Public Safety Ministries Inc. (PSMInc) is dedicated to “Promoting Spiritual Fitness in the Public Safety Professions”. Now granted, the vast majority of my focus has been with law enforcement since that is where I come from and that is where I serve as Chaplain. For those who don’t know the story, I originally intended to call the ministry Peace Officer or Law Enforcement Ministries, or something along those lines. But when I was bestowing my wisdom of future ventures on my EP peer in the fire service, Chief George, (you remember him don’t you? The agnostic Jew raised in Catholic school?), he enlightened me to the fact that fire service personnel are in just as much need for spiritual fitness as “you cops”. Hence, Public Safety Ministries was born.
Well I got a message the other day from Brad Bloom, publisher of Faith and Fitness Magazine. This issue contains an article called A FIREFIGHTER’S STRENGTH FOR SERVICE. He thought some of my readers may enjoy it, and I agree. I especially enjoyed the introduction story and thought I’d share it here.
By Bob Markowski and Ralph Haynes, Introduction by Phil Black
Southern California, October 2007 – Houses were burning all around us. Split-second decisions dictated whose homes would be saved and whose would be lost. It was the type of triage none of us enjoyed. In a strange way, firefighters are often at their very best during these times of oppressive heat, devastation, and danger. We are trained to remain level-headed and situationally aware even in times of extreme emergency.
As we attempted to suppress the fires burning in any one particular house, there came a time when we knew that the house could not be saved. At that moment, we would give each other the sign. The sign meant that we would make one last run through the burning house to collect whatever we thought would be most important to the family that lived there. We would pull family photos off the wall, pick up jewelry boxes, grab important-looking file cabinets, snatch video cameras, photo albums and computers â€“ anything that we thought would be of sentimental value to the residents. We pulled antique cars out of peopleâ€™s garages and parked them on the front lawn. This all had to be done in a matter of 30 â€“ 45 seconds â€“ seconds before the house went up in a ball of fire.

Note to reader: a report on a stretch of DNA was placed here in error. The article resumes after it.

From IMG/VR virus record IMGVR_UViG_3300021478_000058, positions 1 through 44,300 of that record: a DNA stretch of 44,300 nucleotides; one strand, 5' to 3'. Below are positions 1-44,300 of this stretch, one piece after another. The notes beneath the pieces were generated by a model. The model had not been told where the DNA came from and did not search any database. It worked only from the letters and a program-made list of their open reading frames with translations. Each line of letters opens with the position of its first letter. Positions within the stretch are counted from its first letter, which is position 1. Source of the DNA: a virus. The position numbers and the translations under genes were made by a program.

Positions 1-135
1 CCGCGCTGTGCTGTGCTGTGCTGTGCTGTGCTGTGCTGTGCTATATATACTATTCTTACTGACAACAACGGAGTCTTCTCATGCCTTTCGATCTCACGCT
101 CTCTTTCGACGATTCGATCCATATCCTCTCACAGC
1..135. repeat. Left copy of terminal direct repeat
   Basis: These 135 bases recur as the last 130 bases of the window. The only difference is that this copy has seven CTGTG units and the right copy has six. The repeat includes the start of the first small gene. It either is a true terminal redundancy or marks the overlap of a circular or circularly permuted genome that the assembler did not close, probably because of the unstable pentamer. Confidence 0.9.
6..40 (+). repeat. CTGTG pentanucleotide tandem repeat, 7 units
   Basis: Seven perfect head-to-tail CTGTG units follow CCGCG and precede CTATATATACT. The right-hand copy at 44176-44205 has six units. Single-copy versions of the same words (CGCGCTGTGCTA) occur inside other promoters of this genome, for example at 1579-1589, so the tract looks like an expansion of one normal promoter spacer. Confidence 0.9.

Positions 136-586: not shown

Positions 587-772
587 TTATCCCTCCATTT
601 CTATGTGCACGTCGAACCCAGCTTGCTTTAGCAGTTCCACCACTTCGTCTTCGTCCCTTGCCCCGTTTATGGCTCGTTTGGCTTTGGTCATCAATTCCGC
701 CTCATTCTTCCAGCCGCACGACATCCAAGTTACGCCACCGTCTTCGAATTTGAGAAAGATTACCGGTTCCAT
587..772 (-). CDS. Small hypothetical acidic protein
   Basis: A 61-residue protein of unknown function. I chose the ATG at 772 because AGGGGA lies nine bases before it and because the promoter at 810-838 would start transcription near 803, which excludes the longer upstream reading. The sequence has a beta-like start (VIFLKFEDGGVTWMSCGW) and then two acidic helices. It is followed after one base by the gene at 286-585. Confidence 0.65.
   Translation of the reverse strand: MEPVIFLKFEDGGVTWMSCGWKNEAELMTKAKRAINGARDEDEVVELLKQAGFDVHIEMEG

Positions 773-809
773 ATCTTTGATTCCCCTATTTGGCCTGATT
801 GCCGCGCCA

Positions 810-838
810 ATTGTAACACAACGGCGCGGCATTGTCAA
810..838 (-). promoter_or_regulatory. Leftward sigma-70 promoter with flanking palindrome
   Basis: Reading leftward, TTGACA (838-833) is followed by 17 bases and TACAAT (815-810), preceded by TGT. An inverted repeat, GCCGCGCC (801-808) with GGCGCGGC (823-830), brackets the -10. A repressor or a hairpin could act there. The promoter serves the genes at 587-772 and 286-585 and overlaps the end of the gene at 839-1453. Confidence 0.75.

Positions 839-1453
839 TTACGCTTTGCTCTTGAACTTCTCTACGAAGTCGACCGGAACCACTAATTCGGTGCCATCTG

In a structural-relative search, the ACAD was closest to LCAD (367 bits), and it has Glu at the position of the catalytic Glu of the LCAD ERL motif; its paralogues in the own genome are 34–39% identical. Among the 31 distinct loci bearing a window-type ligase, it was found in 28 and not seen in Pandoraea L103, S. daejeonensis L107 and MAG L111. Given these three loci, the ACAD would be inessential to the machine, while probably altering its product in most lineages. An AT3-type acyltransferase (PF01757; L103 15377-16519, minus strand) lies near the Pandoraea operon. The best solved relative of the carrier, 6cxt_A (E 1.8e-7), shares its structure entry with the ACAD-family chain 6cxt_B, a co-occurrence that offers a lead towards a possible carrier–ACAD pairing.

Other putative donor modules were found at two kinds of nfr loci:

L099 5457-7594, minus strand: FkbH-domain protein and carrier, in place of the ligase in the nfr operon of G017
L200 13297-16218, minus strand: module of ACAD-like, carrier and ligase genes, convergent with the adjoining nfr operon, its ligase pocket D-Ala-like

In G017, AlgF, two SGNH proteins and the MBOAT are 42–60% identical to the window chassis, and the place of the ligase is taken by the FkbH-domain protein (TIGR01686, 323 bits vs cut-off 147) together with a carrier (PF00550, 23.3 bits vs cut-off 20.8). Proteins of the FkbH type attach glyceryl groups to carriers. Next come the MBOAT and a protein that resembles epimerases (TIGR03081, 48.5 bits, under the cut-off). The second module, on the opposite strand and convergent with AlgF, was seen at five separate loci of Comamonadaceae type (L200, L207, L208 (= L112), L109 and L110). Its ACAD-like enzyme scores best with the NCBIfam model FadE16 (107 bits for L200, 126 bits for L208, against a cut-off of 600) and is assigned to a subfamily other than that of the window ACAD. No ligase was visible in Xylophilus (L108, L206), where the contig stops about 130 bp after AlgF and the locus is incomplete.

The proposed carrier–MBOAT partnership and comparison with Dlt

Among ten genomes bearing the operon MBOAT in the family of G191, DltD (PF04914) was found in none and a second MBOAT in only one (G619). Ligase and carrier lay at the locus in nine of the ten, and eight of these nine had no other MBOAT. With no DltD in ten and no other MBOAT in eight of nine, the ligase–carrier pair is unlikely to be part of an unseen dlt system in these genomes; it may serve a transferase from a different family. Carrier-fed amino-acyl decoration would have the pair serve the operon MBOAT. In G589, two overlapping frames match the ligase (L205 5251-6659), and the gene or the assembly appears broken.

Those are some of the most worthwhile minutes we spend as firefighters â€“ helping to save something — anything of value to the residents. We witnessed families return to their homes after the fire to find nothing more than a concrete slab. Yet next to the slab on the burned front lawn, they saw a pile of framed photographs, old home movies, mementos, jewelry boxes, or file cabinets â€“ all untouched by fire and smoke. The families would look around and wonder how such a thing happened? How did their most prized and important possessions end up saved from the wreckage? They would look left, and right? Still, they had no idea how it happened. Then they looked up into the sky â€“ and all their questions were answered â€“ for they knew God had a role in this salvation.
Our fire crew would look at each other and not say a word. We just went about our business of cleaning up with a little more appreciation for a job that allows us to serve others in such unique and unconventional ways.â€“ Phil Black, San Diego Fire Department
Oh yeah, and there’s another reason I’ve got some interest in the fire service. My dad spent 30 years with the Minneapolis Fire Department and my son Pete is a firefighter and going to school in Fairbanks Alaska.